Jan Jones is the author of “The CEO’s Secret Weapon How Great Leaders and Their Assistants Maximize Productivity and Effectiveness”. The book debuted at #1 on Amazon’s Hot New Releases in the Office Management Category. It has received widespread acclaim from executives and executive assistants worldwide. Jan spent 20 years as an esteemed international executive assistant to well-known business people, including personal development icon and author Tony Robbins. Jan is passionate about the executive assistant role and continues to champion the profession through speaking, mentoring and offering timeless, practical advice that is relevant to the day-to-day role of the executive assistant.
Hello and Happy New Year FlyPrivate readers. I’m delighted to lead off the 2015 FlyPrivate blogging series by sharing some tips for how we can stay connected to each other through effective communication. Shall we commit to effective and meaningful communication as one of our New Year’s resolutions at work and at home? I have a new book coming out in the Fall and will share extracts from it with you throughout the year. I look forward to being in touch with you.
I’ve just completed a book for executives, showing them how they can maximize productivity by working effectively with their assistant. I interviewed many, many dozens of business leaders, executives and assistants for the book. When I asked assistants what is the one thing the executive can do to help them, without fail, they all responded “communicate”. “Make sure the assistant knows all she needs to know in order to do her job,” said one. “Give me the big picture and keep me informed of current projects” said another. One young assistant told me “I get stressed because I don’t know what he wants and I keep second guessing myself”. “Let me know your opinion, which will help me to make better decisions on your behalf”, said the assistant to a high-profile entrepreneur. Fortunately, many assistants shared examples of their executives who were truly great communicators and always kept them informed and in the loop, which really helped their productivity and confidence in getting the job done.
Since communication and the ability to communicate effectively are vital skills, yet challenging for so many, I asked some of the popular speakers represented by my speakers bureau about some of the characteristics a good communicator, particularly one who is delivering a presentation, must possess.
Chester Elton and Adrian Gostick are the bestselling co-authors of several books, including The Carrot Principle, and their latest work What Motivates Me: Put Your Passions to Work. Chester said: “The speakers who get my attention are first of all, experts in their field. They share real stories of real people in real companies. They aren’t afraid to confront tough issues and make the audience feel a little challenged. But most importantly, they don’t speak in platitudes – they give us real tools we can use immediately to make our workplaces better.”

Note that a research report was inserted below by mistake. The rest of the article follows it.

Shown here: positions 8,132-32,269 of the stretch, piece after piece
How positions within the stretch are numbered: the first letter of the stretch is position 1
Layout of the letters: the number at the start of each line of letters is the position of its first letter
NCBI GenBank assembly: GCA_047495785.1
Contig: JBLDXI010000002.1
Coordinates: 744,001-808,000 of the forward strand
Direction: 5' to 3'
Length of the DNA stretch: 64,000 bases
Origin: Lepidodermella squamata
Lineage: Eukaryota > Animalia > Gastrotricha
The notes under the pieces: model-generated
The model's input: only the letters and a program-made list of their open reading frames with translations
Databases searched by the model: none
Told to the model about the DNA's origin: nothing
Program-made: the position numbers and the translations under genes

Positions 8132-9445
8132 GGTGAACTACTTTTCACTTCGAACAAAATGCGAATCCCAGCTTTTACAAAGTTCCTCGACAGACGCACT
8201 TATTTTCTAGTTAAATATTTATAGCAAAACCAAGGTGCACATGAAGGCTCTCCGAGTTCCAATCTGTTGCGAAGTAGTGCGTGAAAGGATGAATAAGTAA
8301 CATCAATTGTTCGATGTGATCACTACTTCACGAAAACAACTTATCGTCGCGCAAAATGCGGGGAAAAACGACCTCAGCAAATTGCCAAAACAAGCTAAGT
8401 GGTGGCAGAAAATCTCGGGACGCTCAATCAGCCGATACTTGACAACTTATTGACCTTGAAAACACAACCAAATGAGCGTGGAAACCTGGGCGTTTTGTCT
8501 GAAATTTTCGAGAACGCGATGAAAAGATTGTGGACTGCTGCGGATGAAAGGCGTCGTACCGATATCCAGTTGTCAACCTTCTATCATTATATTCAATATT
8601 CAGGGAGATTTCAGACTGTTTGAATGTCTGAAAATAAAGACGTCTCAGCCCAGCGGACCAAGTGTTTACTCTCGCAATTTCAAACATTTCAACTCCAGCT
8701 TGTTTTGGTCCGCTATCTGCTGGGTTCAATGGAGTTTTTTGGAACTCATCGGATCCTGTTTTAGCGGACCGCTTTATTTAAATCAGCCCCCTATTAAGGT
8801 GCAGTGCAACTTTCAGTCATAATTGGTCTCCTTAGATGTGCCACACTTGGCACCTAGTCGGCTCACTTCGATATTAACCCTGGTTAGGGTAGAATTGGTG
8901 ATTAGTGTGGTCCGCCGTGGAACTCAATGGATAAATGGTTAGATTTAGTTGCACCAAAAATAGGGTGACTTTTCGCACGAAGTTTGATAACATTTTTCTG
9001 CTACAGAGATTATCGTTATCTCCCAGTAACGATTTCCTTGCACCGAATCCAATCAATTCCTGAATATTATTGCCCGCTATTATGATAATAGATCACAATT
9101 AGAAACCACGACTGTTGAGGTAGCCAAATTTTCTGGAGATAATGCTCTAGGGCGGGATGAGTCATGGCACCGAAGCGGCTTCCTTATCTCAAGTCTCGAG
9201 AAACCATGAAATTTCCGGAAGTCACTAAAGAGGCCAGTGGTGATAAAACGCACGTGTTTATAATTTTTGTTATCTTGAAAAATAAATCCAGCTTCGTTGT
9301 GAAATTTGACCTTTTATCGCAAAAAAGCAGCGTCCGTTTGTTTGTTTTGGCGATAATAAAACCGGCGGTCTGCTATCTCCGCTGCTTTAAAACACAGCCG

Adrian added, “The best communicators are people who are transparent. These business leaders share even hard truths with their co-workers, employees and clients as soon as they can, and they encourage open debate of ideas and issues, even if it rattles harmony. Others come to trust communicators like this, because they know they will be truthful and direct, and that builds trust and a larger culture of openness.”
Jones Loflin, is a busy speaker who crisscrosses America and the world delivering talks for companies such as FedEx and Microsoft. He told me great communicators have a passion to see people improve their lives in some way. They should also be willing to be transparent and let people see who they really are. Jones said “I am always seeking better ways to meet audiences where they are, and develop strategies to take them to a place they can’t seem to take themselves.”
What I’m hearing from executives, assistants, successful authors and speakers is that you can develop trust and rapport with your employees, or your audience, by engaging in direct and honest communication, being willing to be “real” and helping others to succeed by sharing knowledge and information so they are well informed and equipped to get their job done. As Elton & Gostick shared, communication helps organizations build robust cultures where employees are not only productive and profitable, but also engaged and energized.
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